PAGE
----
What is a product roadmap? Is creating a product roadmap worth your time?
Product roadmaps are commonly used because they help employees prioritize tasks and allow bosses to build a completion schedule. However, in many cases, product roadmaps end up being a waste of time and resources.
Here’s why you might want to think twice before creating a product roadmap.
The Roadmap Approach
Most companies develop products by starting with an idea and creating a product roadmap: a series of orders handed down by executives that, if completed properly, should result in a desired output. Roadmaps are lists of priorities. Generally, either upper management or the product manager issues a new roadmap every three months or so.
Roadmaps include big picture requests and due dates, but not where engineers need to fix bugs or address smaller technical questions. There are a few reasons why managers think that roadmaps are a good management technique:
- They keep employees focused on what managers see as the most important tasks to the overall success of the company first.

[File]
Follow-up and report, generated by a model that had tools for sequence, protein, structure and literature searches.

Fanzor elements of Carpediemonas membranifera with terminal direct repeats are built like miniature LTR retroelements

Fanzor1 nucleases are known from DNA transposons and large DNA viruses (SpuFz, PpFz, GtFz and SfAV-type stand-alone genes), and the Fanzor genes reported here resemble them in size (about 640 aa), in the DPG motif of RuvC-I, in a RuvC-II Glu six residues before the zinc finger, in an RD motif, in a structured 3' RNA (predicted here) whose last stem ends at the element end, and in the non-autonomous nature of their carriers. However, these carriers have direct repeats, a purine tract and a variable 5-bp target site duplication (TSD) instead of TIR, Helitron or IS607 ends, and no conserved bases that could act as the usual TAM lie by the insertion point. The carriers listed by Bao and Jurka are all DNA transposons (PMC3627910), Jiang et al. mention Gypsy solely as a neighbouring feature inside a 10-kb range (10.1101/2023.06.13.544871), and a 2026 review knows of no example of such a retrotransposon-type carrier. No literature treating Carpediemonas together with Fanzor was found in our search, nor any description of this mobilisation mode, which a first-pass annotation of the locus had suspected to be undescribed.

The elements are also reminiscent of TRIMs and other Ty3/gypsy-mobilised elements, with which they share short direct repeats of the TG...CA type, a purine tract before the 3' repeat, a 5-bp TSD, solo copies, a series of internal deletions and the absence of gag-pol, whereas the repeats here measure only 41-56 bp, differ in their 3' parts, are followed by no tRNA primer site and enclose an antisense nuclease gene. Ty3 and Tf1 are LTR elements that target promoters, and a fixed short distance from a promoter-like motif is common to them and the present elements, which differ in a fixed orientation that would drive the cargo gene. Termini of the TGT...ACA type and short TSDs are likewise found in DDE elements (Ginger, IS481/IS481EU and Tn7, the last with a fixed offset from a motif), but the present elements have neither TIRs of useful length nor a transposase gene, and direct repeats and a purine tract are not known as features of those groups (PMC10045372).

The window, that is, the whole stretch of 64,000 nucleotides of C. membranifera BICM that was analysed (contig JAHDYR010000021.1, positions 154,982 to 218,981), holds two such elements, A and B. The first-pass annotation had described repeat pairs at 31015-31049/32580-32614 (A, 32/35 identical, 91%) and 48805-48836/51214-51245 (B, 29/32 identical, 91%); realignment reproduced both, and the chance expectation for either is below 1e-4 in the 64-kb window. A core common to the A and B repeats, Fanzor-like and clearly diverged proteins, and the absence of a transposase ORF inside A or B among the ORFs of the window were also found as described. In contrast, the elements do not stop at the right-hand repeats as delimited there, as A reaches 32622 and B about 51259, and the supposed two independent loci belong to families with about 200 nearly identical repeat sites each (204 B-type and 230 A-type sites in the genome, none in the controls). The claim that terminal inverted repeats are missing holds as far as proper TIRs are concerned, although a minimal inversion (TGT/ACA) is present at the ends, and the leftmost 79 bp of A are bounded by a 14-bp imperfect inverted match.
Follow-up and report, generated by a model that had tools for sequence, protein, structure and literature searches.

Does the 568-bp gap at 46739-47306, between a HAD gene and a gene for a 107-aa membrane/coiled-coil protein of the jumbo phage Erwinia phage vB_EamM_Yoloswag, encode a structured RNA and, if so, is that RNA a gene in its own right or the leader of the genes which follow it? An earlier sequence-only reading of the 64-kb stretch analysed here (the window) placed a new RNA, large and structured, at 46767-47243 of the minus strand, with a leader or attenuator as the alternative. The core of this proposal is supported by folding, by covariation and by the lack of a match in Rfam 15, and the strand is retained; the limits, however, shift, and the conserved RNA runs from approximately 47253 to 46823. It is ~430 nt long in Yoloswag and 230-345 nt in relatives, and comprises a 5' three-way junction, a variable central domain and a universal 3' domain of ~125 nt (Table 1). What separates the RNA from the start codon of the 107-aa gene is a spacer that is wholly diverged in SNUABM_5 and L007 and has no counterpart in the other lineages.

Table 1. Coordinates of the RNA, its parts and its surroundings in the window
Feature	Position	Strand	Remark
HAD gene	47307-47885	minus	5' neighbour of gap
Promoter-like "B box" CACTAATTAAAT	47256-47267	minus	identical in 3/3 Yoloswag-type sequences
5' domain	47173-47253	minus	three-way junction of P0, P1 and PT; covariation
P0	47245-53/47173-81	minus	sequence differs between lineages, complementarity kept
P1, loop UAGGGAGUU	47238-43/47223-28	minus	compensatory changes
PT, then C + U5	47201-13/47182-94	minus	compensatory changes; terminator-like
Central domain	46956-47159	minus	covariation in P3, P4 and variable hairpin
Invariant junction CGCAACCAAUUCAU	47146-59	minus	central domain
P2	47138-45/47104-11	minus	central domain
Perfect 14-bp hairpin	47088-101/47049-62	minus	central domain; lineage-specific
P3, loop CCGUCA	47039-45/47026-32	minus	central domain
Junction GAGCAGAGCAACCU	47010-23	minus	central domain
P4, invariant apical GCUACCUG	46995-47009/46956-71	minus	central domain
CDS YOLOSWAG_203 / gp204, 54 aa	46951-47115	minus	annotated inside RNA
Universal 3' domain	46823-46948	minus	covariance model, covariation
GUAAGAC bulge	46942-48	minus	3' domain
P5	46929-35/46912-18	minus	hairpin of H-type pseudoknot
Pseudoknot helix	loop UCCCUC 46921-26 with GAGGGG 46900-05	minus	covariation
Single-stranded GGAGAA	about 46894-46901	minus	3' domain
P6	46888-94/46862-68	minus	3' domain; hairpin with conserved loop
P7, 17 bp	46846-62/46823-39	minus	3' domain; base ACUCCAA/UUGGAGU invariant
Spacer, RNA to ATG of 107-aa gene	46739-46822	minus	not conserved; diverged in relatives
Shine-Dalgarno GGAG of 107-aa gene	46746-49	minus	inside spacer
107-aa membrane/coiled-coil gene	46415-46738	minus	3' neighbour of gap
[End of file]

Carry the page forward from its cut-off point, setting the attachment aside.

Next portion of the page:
- They help managers liaise with stakeholders and colleagues, because they can plan, based on their roadmaps, when they think various tasks will be completed.
- Roadmaps help managers feel like they’re generally more in control of their employees.
Roadmaps are popular for two reasons:
- They make sure that employees are properly prioritizing their tasks.
- They allow bosses to build a schedule around when they believe tasks will be finished.
Are Roadmaps Useful?
However, roadmaps generally lead to waste. Here’s why:
- At least half of product ideas are bound to fail. This is true for myriad reasons—for example, customers don’t respond positively, there’s an unforeseen technical issue, or customers like a product but it’s too complex to use regularly.
- Additionally, products are almost never complete after one try. There are always bugs to fix or unforseen questions that focus groups must address.
Both of these issues throw off the timing of the roadmap. If, as previously stated, managers are relying on a roadmap to know when products will be finished, it’s more than 50% likely that the team won’t meet their expectations.
Additionally, roadmaps can lead to morale problems. If engineers—or, in some cases, product managers—feel as if they’re only getting orders, and they’re unable to complete them on time by no fault of their own, they blame their bosses for giving them unreasonable requests.
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